The Last Run: A Novella
Mulligan, and her expression changed. Something roughly akin to hope crossed her features, cutting through her grief like a searchlight illuminated a fog-filled basin on a dark night. She looked at Mulligan, and he knew she wanted him to comfort her. Him, the guy who had always been a friend. Him, the guy who had gently teased her, never going too far because he knew she was at the vulnerable age, when a girl was ramping up to begin the transition to woman, and when she felt her most self-conscious. Him, the guy who had last seen her parents alive.
    Him, the guy who had killed them.
    Mulligan cast around, trying to find his heart.
    Where is it…where is it…
    Only darkness remained. Without saying a word, Mulligan stepped past them, lumbering toward the elevator. The technicians in the area stepped out of his path, suddenly mindful he was among them, as if they were a school of fish and he was a hungry shark. Mulligan ignored them like he had ignored Rachel Lopez. Overhead, a banner was mounted to the bulkhead above the elevator bay. It read:
Quando Mundum Finit, Opus Nos Incipiet.
When the world ends, our mission begins.
    It was Harmony’s mission statement, and it could be found almost everywhere in the base. Mulligan snorted to himself. He’d bought into it when he’d first arrived at Harmony, and had believed in it until just a few hours ago. Now, the motto had no special meaning for him, it was just a string of words designed to elicit a response that was forever beyond him.
    He stalked toward the waiting elevator, and didn’t turn around until after the doors had closed. He didn’t want to see Benchley trying to mend a young girl’s heart, any more than he wanted to confront the fact that he had failed to complete the mission that mattered most to him.
    The United States, and perhaps even the entire world, had come to an end.
    And so had Scott Mulligan.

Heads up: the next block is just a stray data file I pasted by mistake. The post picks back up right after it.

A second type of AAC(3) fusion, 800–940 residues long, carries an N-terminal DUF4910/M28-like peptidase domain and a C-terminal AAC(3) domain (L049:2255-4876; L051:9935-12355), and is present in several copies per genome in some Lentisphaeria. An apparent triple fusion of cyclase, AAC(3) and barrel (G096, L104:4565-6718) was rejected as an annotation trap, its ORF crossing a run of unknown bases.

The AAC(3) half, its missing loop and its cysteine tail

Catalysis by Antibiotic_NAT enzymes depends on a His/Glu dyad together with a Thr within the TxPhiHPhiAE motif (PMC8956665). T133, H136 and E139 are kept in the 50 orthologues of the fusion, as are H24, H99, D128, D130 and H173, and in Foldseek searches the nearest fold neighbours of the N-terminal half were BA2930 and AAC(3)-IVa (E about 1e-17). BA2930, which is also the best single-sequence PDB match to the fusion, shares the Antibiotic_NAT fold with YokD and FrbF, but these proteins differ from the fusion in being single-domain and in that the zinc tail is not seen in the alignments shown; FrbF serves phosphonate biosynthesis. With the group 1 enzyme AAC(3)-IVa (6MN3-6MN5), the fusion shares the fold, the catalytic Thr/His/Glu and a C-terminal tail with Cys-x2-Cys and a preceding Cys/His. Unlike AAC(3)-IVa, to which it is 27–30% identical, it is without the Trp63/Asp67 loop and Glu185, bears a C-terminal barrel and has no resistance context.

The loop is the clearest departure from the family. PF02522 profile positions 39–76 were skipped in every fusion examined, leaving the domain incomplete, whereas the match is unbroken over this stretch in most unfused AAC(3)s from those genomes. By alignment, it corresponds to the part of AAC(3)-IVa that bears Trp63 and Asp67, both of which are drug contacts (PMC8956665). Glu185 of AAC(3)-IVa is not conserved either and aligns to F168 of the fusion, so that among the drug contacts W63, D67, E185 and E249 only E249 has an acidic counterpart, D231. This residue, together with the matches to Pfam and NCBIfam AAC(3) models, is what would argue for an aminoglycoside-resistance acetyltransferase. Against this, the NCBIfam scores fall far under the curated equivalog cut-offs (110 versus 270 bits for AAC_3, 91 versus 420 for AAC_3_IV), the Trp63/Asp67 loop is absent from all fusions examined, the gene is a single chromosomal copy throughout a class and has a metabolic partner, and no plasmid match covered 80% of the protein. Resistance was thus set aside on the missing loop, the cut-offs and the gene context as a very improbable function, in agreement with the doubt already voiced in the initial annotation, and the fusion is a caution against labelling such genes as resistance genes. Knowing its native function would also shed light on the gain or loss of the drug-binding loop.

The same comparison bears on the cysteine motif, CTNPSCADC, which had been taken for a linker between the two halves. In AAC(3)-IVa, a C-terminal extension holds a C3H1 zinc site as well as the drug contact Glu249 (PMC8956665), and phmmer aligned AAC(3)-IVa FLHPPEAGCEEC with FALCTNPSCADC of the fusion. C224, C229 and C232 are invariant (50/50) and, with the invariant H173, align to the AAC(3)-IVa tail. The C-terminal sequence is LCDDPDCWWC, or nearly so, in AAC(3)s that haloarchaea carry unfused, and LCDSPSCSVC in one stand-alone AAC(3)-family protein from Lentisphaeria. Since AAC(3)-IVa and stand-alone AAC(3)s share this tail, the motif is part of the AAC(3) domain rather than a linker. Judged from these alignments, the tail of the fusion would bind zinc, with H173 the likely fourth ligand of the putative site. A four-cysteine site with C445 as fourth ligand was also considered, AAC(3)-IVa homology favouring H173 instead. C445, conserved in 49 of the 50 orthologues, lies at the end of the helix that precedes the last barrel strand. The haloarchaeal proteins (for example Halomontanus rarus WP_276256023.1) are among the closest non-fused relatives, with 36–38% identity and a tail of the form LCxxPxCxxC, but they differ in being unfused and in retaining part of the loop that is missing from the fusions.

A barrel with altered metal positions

EARTHFALL
    by Stephen Knight
    © 2013 by Stephen Knight
    http://www.amazon.com/dp/B00BJBI2VS

CHAPTER ONE
    T HE WASTELAND WAS as dry and barren as the surface of the moon. Over the course of decades, the topsoil had been bleached by the sun’s searing rays, the soil converted to chalky dust. No vegetation remained, for no life could exist in a land where the earth and air had been poisoned by nuclear weapons. Sandy ridges and wind-carved rock stood mute sentinel to the passage of time. Despite the fact the land was completely lifeless, the casual observer—had there been one—might still have considered the wasteland austerely beautiful.
    Hidden beneath a pulsating brown-black mass, a vast cloud stalked across the forbidding wasteland like some hungry beast stirring after a long hibernation, the horizon but a memory. Tens of miles across, the ferocious sandstorm grew larger by the second, illuminated by sporadic flashes of lightning. Riding the stiff breeze, the storm’s top rose almost seventy thousand feet into the dry air, which no longer enjoyed the benefit of an ozone layer to strip away harmful radioactive particles emitted by the distant sun. The storm surged forward at more than sixty miles per hour, devouring the land before it, ravaging the wasteland even further with cyclonic winds full of debris that could strip a man’s flesh from his bones in minutes.
    Despite the hostile environment, the powerful storm, and the radiation—both man-made and heaven-sent—there was life.
    A gigantic, eight-wheeled, all-terrain vehicle bolted across the gently rolling landscape, trailing a rooster-tail of dust. While the vehicle raced away from the storm, it became briefly airborne as it crested a small ridge before it slammed back to the parched earth, rocking on its heavy-duty suspension. The rig’s turbine engines roared as they propelled Self-Contained Exploration Vehicle 4 along at almost sixty miles an hour. It wasn’t fast enough. The monstrous storm continued to close, and the gap between its amorphous leading edge and the dirty vehicle slowly

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